The key to “enterprisifying” your iOS devices with things like app restrictions, VPN settings, and PKI certificates revolves around configuration profiles and SSO is no different. Unfortunately, at the time I’m writing this Apple hasn’t yet updated the iPhone Configuration Utility to know how to generate profiles for the new iOS 7 feature. So, we get to do this the hard way – hand-creating an XML file with the proper config profile syntax. Unless you are some kind of blog-reading robot for whom XML syntax is a native language, this might not be the easiest task in the world, so I’m going to help you out with the contents for a “sample” profile at the bottom of the post. You can just grab this text and paste it into a plain text file with a .mobileconfig extension (e.g. kerberos.mobileconfig).

There are a few parts you’ll want to pay attention to, and then hopefully you should be off and running.

  1. As with any example you grab from the web, unless you are referencing a “well-known” identifier for some kind of resources, you’ll want to make your own GUIDs and replace the ones you see in the example.
  2. Anywhere you see “com.mycompany”, you’ll probably want to use your own domain
  3. In the string value for the “Realm” key, you’ll want to put your own Kerberos realm. In the case of Active Directory, that’s usually going to be an AD domain
  4. The URLPrefixMatches section is key, because iOS is only going to try to get and use the Kerberos ticket for URLs that match one of these. Unfortunately there is currently no “suffix” option, so you can’t just do http://*.mycompany.com. As the name implies, you can use a prefix, but doing a “blanket” prefix like http://* seems like it would be a pretty bad idea.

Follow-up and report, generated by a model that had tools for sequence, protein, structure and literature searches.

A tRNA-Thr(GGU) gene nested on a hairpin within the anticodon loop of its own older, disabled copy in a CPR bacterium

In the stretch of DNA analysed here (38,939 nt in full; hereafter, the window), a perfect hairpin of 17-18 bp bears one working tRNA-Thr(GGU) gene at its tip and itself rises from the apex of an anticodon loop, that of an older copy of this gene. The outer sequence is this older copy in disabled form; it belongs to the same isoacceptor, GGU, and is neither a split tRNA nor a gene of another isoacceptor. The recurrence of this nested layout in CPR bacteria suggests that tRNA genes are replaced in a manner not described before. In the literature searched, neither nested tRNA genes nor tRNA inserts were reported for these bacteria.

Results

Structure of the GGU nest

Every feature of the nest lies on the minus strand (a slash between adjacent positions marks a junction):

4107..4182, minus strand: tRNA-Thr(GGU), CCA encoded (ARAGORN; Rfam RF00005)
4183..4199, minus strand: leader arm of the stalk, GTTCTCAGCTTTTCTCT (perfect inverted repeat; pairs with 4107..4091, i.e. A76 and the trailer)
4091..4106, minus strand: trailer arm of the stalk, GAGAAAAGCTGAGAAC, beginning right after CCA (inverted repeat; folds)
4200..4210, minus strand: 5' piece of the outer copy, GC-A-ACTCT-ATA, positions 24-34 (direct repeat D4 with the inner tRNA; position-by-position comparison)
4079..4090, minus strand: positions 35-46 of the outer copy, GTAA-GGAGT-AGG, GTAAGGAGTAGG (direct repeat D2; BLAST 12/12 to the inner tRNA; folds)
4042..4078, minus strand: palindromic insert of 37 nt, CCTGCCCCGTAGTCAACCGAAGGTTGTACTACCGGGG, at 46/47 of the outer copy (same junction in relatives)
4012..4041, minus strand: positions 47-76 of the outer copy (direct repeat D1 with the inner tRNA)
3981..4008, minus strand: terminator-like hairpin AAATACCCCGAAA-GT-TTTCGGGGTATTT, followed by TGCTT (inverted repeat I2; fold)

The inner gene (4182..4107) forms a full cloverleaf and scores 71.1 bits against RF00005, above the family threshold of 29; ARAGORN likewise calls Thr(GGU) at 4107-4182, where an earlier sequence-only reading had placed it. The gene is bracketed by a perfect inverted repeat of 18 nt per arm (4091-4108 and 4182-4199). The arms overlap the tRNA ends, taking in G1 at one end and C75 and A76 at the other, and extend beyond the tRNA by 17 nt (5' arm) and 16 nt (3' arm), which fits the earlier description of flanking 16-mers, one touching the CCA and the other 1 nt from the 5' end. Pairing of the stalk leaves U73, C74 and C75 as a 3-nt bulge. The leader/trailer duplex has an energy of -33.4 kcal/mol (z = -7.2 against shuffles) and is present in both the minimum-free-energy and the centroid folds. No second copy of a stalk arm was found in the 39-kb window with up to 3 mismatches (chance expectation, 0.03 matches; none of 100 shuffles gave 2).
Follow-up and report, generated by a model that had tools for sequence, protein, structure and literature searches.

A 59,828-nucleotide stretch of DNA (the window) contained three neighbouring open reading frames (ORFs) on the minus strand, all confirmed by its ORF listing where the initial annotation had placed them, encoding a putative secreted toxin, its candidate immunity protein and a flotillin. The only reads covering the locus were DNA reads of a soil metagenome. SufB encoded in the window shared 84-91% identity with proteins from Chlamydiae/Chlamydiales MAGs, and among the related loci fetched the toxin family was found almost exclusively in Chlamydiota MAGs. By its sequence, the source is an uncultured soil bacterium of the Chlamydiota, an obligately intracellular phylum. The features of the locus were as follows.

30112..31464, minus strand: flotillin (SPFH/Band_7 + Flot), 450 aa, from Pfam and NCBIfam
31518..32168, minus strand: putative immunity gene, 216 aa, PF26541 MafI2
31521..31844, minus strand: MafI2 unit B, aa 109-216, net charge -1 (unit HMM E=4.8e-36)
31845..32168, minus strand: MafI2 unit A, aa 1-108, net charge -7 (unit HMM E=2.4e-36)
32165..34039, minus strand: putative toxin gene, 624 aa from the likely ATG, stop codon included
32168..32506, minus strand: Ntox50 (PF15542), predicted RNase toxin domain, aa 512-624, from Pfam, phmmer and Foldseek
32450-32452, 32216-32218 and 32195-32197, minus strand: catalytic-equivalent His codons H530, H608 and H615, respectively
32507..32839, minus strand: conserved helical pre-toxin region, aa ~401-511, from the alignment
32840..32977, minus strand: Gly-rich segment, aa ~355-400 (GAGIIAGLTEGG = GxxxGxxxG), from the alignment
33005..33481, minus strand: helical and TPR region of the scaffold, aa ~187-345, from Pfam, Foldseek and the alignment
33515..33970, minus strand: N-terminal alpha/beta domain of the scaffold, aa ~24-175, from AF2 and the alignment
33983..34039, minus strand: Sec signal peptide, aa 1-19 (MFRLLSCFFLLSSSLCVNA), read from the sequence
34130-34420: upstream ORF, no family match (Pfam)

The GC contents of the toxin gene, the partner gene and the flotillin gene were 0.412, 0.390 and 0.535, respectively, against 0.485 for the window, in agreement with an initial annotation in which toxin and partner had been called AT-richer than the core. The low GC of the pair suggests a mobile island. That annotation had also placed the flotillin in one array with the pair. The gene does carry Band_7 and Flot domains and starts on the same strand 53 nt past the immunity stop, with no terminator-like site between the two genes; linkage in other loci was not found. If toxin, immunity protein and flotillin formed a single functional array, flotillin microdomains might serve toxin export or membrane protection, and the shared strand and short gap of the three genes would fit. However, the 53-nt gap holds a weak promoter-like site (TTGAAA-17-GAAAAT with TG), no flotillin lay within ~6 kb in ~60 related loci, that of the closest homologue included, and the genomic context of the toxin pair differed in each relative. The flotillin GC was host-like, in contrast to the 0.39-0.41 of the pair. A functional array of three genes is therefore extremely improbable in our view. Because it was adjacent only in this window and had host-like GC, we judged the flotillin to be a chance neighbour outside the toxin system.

5. Eventually I assume there will be other apps that support Kerberos, and then you might list their bundle ids in the AppIdentifierMatches section, but for now using Safari is an interesting place to start
  6. Save the modified file and then deploy it to your device. Unless you also happen to be an MDM administrator who knows how to use your MDM product to deploy these files, the easiest way to do this is probably just to email yourself the .mobileconfig file and then open it is as an attachment on the device. You’ll get a couple of security warnings this way, but it works. When the profile is geting installed you should also be prompted to enter a “principal name” for the specified realm. Generally speaking this will be your login id/username.

Now that you have a SSO configuration profile on your iOS 7 device, you can try it out. If you open up Safari and go to one of the sites that matches an entry in your URLPrefixMatches section, you’ll see a login dialog that looks a bit different than the typical “popup” prompt you’d see for a site requesting Basic or Negotiate-based authentication. Once you’ve entered your password, it should let you into the site. The beautiful part is that when you go to the next site in your list of URLs, you won’t get prompted at all, and you should be able to go revisit these sites in Safari over and over (up to the ticket expiration time for your Kerberos environment) without re-entering your password. Single sign-on is a beautiful thing!